|Bill Jackson pipes to mark the Solstice. Photo by Dan Davidson|
Welcome to the July 4, 2003 edition of the online Klondike Sun, which reproduces a selection of the photographs and articles that were in the July 2 hard copy edition. This is the only July issue of the paper we will manage to get posted until August, since our editor (who is posting this issue from a lakefront in Nova Scotia) is now on vacation.
The hard copy also contains Doug Urquhart's famous "Paws" cartoon strip, our homegrown crossword puzzle, and obviously, all the other material you won't find here.
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Since we went online in March 1996 our counter has crashed a number of times. The first counter logged about 25,000 visitors. The second one, which crashed recently, logged about 51,000. The current counter went online in April of this spring and was sitting at 5700 in mid June.
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If every person who logged onto this website would send us a loonie, weíd be able to pay off the lease on our new laser printer in just a few issues. Seriously folks, since the beginning of this year there are more of you reading this digest edition of the Sun than there are reading the real thing on paper. A second online reader has made a contribution to our printer fund. More on that in a few weeks.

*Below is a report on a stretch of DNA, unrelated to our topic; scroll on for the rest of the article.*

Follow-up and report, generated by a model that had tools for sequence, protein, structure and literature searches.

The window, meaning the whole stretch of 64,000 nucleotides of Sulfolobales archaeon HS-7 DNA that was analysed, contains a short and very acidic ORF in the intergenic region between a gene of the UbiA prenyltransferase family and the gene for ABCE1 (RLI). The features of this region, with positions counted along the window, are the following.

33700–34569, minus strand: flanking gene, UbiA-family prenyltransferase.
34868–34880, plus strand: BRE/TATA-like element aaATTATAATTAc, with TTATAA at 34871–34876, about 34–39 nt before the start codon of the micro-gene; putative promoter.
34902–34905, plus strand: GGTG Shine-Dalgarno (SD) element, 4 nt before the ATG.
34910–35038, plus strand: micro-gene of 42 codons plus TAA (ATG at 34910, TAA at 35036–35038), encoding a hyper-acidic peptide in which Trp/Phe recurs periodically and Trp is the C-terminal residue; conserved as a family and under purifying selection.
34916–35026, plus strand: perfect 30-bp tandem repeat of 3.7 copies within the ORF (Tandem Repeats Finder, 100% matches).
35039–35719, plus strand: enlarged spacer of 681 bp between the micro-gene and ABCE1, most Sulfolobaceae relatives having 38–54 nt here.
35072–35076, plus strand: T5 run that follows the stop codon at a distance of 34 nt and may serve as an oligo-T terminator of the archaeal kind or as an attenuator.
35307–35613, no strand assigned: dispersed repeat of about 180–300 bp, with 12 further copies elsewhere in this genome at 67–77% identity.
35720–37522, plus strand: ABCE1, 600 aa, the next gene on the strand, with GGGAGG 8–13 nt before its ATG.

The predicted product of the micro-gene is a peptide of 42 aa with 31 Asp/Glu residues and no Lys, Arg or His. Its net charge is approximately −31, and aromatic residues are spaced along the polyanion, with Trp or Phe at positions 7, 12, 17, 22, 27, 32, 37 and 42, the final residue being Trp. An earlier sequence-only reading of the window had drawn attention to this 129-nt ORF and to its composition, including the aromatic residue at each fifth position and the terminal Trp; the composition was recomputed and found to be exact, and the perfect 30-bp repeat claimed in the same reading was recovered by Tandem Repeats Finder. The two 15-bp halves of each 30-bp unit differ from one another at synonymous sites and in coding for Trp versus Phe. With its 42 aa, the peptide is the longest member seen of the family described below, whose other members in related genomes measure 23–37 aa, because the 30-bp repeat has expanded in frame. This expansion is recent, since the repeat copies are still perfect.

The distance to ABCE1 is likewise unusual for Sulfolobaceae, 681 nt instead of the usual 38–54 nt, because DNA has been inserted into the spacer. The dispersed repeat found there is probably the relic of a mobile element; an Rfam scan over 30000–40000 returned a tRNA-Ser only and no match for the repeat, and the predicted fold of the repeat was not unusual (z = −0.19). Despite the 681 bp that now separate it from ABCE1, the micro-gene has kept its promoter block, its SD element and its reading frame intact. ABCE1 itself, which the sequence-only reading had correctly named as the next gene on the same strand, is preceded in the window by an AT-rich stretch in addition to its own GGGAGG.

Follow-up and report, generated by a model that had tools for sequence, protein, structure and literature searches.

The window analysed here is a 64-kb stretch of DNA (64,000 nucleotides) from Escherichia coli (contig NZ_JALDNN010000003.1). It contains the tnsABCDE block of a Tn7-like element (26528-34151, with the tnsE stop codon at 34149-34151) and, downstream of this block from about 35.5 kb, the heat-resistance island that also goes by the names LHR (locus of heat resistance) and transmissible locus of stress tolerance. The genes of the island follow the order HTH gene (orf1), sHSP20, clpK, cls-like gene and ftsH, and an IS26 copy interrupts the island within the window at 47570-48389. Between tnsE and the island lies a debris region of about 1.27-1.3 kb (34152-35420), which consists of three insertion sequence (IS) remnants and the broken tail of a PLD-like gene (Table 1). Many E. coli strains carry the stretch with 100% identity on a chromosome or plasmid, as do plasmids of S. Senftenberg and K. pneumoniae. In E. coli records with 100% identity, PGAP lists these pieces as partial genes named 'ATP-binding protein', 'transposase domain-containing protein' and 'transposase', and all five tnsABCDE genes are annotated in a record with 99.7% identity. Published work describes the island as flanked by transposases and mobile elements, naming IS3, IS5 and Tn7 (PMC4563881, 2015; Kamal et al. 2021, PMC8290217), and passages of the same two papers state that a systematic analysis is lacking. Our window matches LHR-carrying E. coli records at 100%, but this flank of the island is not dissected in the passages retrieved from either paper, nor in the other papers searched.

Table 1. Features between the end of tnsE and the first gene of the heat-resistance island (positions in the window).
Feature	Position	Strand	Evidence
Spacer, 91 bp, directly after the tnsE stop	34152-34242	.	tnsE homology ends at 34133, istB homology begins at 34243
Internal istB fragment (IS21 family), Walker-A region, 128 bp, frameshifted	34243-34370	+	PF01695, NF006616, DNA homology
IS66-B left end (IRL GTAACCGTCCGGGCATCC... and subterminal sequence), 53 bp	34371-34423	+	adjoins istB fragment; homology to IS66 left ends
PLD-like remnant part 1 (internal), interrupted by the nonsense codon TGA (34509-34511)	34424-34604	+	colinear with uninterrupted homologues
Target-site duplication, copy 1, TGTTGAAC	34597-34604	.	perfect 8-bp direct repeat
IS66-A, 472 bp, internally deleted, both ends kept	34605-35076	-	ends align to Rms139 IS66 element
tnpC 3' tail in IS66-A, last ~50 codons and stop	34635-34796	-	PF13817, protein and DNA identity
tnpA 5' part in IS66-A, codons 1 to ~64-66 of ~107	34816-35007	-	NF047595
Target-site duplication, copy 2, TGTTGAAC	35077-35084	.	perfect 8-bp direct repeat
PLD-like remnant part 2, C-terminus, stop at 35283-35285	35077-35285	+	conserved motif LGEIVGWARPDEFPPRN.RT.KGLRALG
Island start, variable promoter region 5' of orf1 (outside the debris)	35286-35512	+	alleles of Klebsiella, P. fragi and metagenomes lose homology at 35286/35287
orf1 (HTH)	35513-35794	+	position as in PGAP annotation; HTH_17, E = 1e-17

by Dan Davidson
Solstice watching depends on a lot of variables. You need a clear sky, with just enough cloud to tease some of the more dramatic colours out of the sunbeams. It can't rain. There must not be an active forest fire within a hundred kilometres, or else the wind must be blowing the right way.
All of these conditions were in effect this year for the June 21 summer solstice.
Parking was at a premium if you arrived late at the Midnight Dome that evening. Indications are that a good many motorhomes and campers had staked out some of the best vantage points along the perimeter of the hill above Dawson City by five o'clock that afternoon, and didn't move until they had seen what they came for, leaving the rest of the visitors and locals to fill in where they could.